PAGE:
Rock Climbing Leads to. . .

A previously healthy 38-year-old male smoker presents to the emergency room with a 48-hour history of acute onset of right upper extremity swelling, erythema, and discomfort. On further questioning, he had gone rock climbing as he does on many nights, with symptom onset about 12 hours later. Due to symptoms persisting for an additional 36 hours with increasing right arm discomfort, he presented to the emergency department. He denies any prior history of blood clots or family history of clotting disorders. Physical examination is remarkable for right upper extremity non-pitting edema with overlying erythema from the shoulder to the wrist and mild distention of the superficial arm veins. His right radial pulse is normal with full range of motion of the right upper extremity. A duplex is performed which is notable for thrombosis of the right brachial, axillary, and subclavian veins.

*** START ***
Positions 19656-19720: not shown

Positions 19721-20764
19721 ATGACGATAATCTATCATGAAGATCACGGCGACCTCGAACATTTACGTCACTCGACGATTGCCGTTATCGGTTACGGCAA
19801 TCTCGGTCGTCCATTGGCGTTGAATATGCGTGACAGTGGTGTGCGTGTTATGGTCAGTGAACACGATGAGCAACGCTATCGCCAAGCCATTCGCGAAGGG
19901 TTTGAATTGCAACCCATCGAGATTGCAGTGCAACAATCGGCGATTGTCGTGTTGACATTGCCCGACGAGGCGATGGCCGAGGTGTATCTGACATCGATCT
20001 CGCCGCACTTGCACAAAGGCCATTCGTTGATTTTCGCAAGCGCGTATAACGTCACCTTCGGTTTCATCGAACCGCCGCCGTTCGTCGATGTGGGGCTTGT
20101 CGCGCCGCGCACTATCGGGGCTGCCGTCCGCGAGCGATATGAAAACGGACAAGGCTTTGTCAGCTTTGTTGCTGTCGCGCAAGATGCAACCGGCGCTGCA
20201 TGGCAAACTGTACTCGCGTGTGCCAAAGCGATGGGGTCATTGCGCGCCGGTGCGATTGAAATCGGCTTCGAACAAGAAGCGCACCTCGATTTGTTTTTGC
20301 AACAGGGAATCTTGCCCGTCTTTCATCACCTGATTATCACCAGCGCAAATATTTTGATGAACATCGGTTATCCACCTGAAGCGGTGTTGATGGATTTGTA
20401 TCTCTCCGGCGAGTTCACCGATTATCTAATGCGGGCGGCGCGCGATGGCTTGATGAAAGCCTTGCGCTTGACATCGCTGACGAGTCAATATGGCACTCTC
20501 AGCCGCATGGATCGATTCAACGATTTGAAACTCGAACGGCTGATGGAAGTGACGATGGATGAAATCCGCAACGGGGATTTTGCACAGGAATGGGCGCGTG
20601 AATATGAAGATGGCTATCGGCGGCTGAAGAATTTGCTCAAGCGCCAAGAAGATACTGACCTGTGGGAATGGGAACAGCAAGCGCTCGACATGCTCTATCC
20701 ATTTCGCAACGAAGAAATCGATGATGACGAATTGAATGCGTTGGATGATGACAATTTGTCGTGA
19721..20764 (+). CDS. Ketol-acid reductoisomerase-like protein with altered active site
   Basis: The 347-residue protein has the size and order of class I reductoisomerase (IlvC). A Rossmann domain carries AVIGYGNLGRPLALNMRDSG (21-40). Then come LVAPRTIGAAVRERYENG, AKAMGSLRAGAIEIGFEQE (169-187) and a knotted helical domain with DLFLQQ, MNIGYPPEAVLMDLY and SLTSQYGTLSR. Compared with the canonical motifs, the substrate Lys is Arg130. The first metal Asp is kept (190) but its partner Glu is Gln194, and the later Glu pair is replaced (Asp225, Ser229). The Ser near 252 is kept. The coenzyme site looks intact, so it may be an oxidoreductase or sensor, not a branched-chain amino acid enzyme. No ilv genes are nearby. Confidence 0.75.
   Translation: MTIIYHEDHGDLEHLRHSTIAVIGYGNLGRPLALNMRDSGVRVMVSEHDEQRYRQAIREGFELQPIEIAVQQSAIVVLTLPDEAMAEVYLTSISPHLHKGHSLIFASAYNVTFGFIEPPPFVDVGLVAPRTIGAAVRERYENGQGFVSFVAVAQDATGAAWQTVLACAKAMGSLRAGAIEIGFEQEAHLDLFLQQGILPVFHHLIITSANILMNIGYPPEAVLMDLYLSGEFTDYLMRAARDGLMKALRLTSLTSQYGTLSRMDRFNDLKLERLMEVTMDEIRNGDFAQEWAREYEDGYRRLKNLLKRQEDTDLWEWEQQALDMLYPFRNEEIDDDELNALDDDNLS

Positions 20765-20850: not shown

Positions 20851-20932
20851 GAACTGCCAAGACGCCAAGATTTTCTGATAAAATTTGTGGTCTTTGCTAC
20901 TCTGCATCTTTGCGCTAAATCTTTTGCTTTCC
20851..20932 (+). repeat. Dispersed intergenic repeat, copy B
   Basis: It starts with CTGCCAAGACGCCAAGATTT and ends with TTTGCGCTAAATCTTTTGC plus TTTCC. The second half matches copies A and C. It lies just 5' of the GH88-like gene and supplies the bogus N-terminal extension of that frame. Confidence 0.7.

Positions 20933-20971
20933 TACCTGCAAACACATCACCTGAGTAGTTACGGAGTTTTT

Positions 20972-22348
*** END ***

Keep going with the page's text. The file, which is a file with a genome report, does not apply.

What is the most appropriate management for this patient?

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